Brut y Brenhinedd was the name under which the Welsh translations of Geoffrey of Monmouth's Historium Regnum Britanniae was known. Written in 1136 this purported to be a history of the Kings of Britain until the time of Cadwaladr Fendigaid "the last king there was over the Britons". As Brut y Brenhinedd was the Chronicle of the Kings, or the history of the Kings of Britain; Brut y Tywysogion was therefore intended as its sequel, the Chronicle of the Princes or the history of the Kings of Wales.

The Brut originates in a Latin chronicle compiled sometime in the late thirteenth century. Unfortunately this original Latin chronicle has not survived; it was however translated into Welsh and therefore exists in three separate versions, each of which is considered an independent translation of the original work (and are therefore sometimes collectively known as the 'Brutiau'.)

These three versions are;

The least dependable of the three versions is the Brenhinoedd y Saeson, the fullest and most complete is the Peniarth MS 20 version, but the least inaccurate is the Red Book of Hergest. But all three versions contain what are considered obvious mistranslations from the original Latin and occasionally disagree with one another. Much effort is therefore expended in comparing the text of each version in order to deduce exactly what the original text was trying to say.

From the comparison of the three versions it is summarised that the original chronicle was an account of events from the death of Cadwaladr Fendigaid in the year 682 to the death of Llywellyn ap Gruffudd, the last native ruler of Wales in 1282. (Although the Peniarth version includes a continuation relating to events in the years 1283 to 1332 which were added to the main text by at least two different hands; and Brenhinoedd y Saeson, at least in the Black Book of Basingwerk continues until 1461.)

As far as the sources used by the original compiler of the Latin chronicle, as regards the years 682 to 954 the entries are clearly derived from the Harleian MS 3859 version of the Annales Cambriae. For the remainder of the period it is believed that the source was primarily a set of contemporary annals kept at St Davids and at the Cistercian foundations of Llanbadarn Fawr and Ystrad Fflur (or Strata Florida) of which some fragmentary evidence survives in terms of;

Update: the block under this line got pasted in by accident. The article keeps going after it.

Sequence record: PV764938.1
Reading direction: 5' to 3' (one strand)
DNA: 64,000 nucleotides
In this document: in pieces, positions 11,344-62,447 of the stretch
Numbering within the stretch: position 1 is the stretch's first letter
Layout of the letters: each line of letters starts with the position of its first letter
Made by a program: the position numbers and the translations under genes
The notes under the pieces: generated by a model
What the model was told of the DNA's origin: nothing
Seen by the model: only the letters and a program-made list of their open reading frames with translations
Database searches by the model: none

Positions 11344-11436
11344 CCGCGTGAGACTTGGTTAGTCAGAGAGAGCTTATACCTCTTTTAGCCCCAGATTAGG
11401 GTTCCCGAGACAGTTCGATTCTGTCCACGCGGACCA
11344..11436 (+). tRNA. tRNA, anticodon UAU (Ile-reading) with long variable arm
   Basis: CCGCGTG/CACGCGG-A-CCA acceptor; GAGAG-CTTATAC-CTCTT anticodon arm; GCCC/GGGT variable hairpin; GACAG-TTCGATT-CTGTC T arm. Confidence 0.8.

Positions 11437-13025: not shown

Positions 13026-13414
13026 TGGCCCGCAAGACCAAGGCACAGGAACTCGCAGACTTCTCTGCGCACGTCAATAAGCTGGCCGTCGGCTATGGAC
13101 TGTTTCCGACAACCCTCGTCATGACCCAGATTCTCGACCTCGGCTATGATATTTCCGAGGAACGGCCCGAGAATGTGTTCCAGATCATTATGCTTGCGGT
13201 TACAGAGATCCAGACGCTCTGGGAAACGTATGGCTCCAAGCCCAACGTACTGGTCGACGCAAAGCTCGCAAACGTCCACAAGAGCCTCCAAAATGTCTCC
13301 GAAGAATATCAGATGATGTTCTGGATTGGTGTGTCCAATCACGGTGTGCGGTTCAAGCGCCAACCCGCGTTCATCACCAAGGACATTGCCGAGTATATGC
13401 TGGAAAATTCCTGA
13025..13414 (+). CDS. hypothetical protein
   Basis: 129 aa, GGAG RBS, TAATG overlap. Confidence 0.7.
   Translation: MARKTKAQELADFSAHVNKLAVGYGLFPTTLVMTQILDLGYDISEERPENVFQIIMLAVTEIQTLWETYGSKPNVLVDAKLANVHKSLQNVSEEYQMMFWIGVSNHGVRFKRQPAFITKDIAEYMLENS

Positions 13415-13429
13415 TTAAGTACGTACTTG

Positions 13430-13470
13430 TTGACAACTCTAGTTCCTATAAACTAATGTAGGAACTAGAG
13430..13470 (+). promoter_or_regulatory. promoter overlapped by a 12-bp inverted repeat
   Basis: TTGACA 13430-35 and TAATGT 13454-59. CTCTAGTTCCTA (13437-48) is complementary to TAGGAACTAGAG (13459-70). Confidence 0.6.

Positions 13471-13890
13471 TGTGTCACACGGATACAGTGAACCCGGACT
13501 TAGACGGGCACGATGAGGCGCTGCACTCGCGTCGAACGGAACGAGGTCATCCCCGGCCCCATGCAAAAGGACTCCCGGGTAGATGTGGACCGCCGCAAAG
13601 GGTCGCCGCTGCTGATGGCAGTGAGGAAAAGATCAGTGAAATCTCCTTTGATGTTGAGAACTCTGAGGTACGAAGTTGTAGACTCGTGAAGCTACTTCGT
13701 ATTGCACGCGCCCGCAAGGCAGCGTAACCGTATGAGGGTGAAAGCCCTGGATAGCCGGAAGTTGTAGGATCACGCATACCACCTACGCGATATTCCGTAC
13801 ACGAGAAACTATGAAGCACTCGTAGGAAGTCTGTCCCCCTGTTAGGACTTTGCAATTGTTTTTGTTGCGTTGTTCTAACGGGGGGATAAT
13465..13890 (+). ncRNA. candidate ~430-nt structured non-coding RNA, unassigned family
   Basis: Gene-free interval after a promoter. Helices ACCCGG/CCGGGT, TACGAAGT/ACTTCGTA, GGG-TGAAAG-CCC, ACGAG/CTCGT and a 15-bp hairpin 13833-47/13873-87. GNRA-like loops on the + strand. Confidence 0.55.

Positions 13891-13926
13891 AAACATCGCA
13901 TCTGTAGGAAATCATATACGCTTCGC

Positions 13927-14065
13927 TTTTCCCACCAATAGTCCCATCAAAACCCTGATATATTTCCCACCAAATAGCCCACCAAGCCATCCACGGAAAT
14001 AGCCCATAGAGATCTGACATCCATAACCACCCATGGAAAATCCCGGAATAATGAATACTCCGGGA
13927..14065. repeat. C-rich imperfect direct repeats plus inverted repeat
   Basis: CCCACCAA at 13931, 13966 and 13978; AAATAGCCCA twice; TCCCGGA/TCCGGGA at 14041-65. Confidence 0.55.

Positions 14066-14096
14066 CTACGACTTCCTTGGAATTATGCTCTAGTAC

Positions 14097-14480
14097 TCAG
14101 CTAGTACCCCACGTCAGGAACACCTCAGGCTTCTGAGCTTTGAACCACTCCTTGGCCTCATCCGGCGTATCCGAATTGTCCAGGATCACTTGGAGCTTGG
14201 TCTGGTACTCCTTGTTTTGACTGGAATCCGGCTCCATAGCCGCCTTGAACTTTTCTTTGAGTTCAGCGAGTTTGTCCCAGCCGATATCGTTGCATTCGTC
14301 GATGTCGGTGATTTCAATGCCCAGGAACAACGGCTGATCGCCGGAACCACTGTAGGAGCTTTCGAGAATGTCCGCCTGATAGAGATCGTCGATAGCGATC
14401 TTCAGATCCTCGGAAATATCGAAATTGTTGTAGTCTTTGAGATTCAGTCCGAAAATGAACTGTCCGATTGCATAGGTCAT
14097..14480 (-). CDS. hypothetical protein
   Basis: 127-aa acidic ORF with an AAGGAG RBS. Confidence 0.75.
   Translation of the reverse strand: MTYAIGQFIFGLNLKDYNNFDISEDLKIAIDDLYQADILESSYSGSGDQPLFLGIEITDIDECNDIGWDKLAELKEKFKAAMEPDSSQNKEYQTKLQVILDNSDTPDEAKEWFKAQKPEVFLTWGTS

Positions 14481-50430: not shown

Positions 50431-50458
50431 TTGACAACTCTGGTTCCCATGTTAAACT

• the annals recorded on the flyleaves of the Breviate of Domesday Book in the Public Record Office
  • the Exeter Cathedral MS 3514 known as the Cronica de Wallia which includes an incomplete set of annals for the years 1190-1266
  • the annals recorded in BM Cotton MS Domitian AI which is itself a continuation of the aforementioned Harleian MS 3859 to the year 1288

For many centuries it was presumed that the Brut was the work of Caradog of Llancarfan; a contemporary of Geoffrey of Monmouth; if only because Geoffrey at the conclusion of his work, stated that he left to Caradog the job of recording the history of "the kings of the Britons who since the time of Cadwaladr have succeeded in Wales."

It was not until the beginning of the twentieth century that the historian John Edward Lloyd first came to the conclusion that the versions of the Brut were in fact translations of the same Latin work (and absolutely nothing to do with Caradog of Llancarfan), and only in 1928, when John Edward Lloyd gave his British Academy lecture on the subject of the Welsh Chronicles, was it fully understood that there were indeed three entirely separate translations.

The identity of the individual who first compiled the original Latin chronicle is unknown, and nothing is known of the circumstances in which it was created other than it was clearly a product of Welsh medieval monastic scholarship and intended as a continuation of the Historium Regnum Britanniae.

The inspiration may have derived from Geoffrey of Monmouth's work, but unlike Geoffrey's rather fanciful concoction the versions of the Brut y Tywysogion are a largely factual annalistic record of Welsh History. They remain the prime source of our knowledge of events in Wales during the period between 944 and 1282 and are described by the aforementioned John Edward Lloyd "as the greatest monument of Welsh historiography in the Middle Ages".

For a fuller discussion of the various manuscripts that comprise the 'Brutiau' and of their history and provenance see the introductions to the translations of the three versions by Thomas Jones and published by the Univerity of Wales Press in its 'History and Law' series.

The word Brut is derived from Brutus who of course came from Troy to Britain, conquered the giants and founded London and from whom all the Kings of Wales were descended, (Very much like legend of Aeneas who also came from Troy and was responsible for the founding of the city of Rome.) and is used here in the sense of a history or chronicle

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